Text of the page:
My friends who don't write -- who aren't debut authors and thus crazy as loons most days, flinging themselves from event to event and trying to balance writing and teaching and blogging and the occasional teeth flossing -- see the promotional aspect of my new world as highly romantic. They're fairly sure that I have a whole wardrobe of author-y clothing -- vintage skirts and blouses, and maybe even a hat or two even though I look stupid in most hats, and everyone knows it -- that I slip into while waiting for the car service to pick me up and spirit me off to here and there where I sip herbal tea and say hi to hordes of adoring fans and sign my name inside copies of Dreaming Anastasia with a flourish. Possibly with a vintage fountain pen. Possibly just a really nice silver sharpie. They have outlandish notions that bookstore owners and community relations managers nationwide are emailing and texting me in droves, all fluttery and anxious for me to come visit. That my publisher is sending me bon bons and little hand written notes that say things like "Stephenie Meyer who? Vampires are so over. It's you, Joy. Just you." And other helpful stuff like that.
The truth, of course, is a bit different. My publisher FedExed me a silver sharpie to sign posters, but when I returned it with the posters, I never did see it again. I've got a crazy wonderful publicist who helped me create the blog tour that ate the universe and with whom I joke chummily most days. He comes up with scathingly brilliant ideas like how I'm just so darn droll that I should blog for HuffPo and occasionally rattles on about stuff like the backstage area and then emails me back "Ha ha" when I ask him if that's anywhere near the Tweet Deck. And then I feel too lame to tell him that it was a real question. But I have yet to be driven anywhere except to the Houston airport by a local cabbie with a prosthetic leg. And since I lost the receipt, I won't even be claiming that one on my taxes.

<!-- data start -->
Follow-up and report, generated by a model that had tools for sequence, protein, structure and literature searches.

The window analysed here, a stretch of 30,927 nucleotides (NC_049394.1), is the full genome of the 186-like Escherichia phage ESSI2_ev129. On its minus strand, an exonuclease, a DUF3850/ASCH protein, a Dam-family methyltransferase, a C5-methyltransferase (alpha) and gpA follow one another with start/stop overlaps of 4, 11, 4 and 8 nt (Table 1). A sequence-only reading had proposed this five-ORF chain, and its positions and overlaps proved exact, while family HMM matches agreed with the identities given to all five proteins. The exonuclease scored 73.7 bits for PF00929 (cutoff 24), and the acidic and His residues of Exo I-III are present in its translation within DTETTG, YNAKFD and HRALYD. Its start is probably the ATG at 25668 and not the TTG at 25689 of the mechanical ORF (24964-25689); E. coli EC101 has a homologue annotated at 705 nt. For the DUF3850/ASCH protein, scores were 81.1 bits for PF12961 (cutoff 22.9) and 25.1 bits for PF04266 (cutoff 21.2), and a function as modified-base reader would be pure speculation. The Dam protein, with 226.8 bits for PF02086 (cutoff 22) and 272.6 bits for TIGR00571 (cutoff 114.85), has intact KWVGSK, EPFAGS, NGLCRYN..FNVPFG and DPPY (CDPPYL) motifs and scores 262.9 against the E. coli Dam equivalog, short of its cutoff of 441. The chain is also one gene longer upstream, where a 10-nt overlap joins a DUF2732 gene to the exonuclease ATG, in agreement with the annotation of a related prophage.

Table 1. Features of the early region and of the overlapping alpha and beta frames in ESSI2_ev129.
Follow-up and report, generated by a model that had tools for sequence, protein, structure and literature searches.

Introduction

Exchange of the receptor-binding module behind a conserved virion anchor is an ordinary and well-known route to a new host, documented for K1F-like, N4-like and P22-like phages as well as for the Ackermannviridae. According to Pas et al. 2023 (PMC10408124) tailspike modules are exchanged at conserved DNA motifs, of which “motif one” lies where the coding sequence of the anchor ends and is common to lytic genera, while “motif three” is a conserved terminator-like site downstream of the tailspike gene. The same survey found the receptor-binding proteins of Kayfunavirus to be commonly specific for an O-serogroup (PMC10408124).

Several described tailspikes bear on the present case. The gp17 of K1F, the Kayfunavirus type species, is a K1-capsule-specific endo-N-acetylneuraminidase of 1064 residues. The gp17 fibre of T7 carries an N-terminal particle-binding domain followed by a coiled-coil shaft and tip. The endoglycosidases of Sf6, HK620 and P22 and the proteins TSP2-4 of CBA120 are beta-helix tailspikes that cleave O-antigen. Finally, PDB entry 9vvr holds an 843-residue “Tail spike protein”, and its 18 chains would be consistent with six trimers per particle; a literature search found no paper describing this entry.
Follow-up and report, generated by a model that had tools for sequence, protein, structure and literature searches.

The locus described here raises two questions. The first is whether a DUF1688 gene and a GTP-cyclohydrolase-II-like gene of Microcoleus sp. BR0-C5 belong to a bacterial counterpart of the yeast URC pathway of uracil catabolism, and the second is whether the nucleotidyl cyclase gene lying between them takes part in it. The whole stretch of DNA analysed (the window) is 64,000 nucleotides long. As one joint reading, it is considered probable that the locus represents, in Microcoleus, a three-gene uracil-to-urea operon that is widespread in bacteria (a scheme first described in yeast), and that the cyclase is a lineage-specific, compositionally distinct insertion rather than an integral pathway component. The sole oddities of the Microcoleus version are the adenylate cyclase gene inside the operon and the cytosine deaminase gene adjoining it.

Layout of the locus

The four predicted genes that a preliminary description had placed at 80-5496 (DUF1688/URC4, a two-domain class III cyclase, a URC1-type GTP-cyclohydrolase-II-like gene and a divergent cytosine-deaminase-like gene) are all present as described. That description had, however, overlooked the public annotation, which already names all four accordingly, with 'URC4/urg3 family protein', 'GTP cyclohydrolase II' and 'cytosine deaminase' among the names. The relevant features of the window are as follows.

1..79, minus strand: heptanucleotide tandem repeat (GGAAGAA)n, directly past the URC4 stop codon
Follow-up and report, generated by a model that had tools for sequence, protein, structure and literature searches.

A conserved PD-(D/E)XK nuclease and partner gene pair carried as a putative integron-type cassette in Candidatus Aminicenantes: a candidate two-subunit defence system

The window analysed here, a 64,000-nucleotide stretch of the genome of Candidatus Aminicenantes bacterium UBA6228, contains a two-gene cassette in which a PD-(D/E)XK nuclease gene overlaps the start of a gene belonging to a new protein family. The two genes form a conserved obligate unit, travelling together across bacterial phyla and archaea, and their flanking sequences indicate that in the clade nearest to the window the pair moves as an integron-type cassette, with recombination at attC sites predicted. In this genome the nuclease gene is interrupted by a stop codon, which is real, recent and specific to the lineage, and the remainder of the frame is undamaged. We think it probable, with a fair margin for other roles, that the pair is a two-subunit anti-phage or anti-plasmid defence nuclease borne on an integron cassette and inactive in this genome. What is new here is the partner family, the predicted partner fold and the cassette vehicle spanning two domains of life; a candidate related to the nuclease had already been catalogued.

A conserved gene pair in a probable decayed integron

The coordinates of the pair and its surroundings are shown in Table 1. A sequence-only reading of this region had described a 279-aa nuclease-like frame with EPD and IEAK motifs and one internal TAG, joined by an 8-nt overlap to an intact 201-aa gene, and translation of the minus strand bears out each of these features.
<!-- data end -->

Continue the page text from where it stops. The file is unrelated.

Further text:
Mostly, at the debut stage of the game, it's a do-it-yourself operation. I signed last week at the wonderful Houston independent bookstore Blue Willow, but only after a lengthy series of events that included reaching out to them in an email last spring, stopping by to say hello and bring them a review copy in June, and a number of follow ups in between. That they loved the book certainly helped. But it guaranteed nothing. You put yourself out there, act graciously, keep your expectations low and sometimes you're wonderfully surprised. Then you say thank you a zillion times, stuff your left-over book marks in your purse and drive home marveling at your good fortune. You even stop at a Starbucks for a late night non-fat Misto because a small crowd came to your event and you got to sign the author wall like a big girl. Possibly a few more people really believe you are a bona fide author.
Some of my writer pals disagree with me on all this. (Not about treating myself to the non-fat Misto. Just the part about how promotion is part of the game and we better embrace it or find that Barnes and Noble decided to stop stocking our book. Okay they can decide that even if we do embrace it. But that's another story) They believe our only job is to write and hone our craft. If the book is good enough it will speak for itself. If it's not, then promotion will only take us so far. Leave the selling to people who like it, they tell me. Just sit at your laptop and finish that next manuscript.
Except here's the thing. I think promotion is part of my job.
I like my book. I hope I get to write the sequel at some point. I hope the other novels I've written find publishing homes and audiences and maybe some really nifty merchandising like candy and little action figures and audio books and maybe even lunch boxes with cool metal handles. But I'm new. I have a trade paperback by a small but rapidly growing publishing house. And to be painfully honest, I have not written a book about vampires or werewolves, although there is a really cool witch and some sparkly magic and a hot guy with a slight case of immortality. If I want to grow an audience, I need to get involved. I need to talk about my book online and in stores and with people. I need to let them know it's out there. If I wait and just hope that it will happen on its own, they might not find me. And that would be a shame. So I don't wait. I'm good with that. I like being a partner with my publisher. They like it, too. It doesn't lessen me as an artist. It just makes me a practical one.
In a couple of weeks, I'll be doing events in Chicago, where Dreaming Anastasia is set. And I'll let you in on a secret. This time someone else is paying for the plane ticket.
Til next time...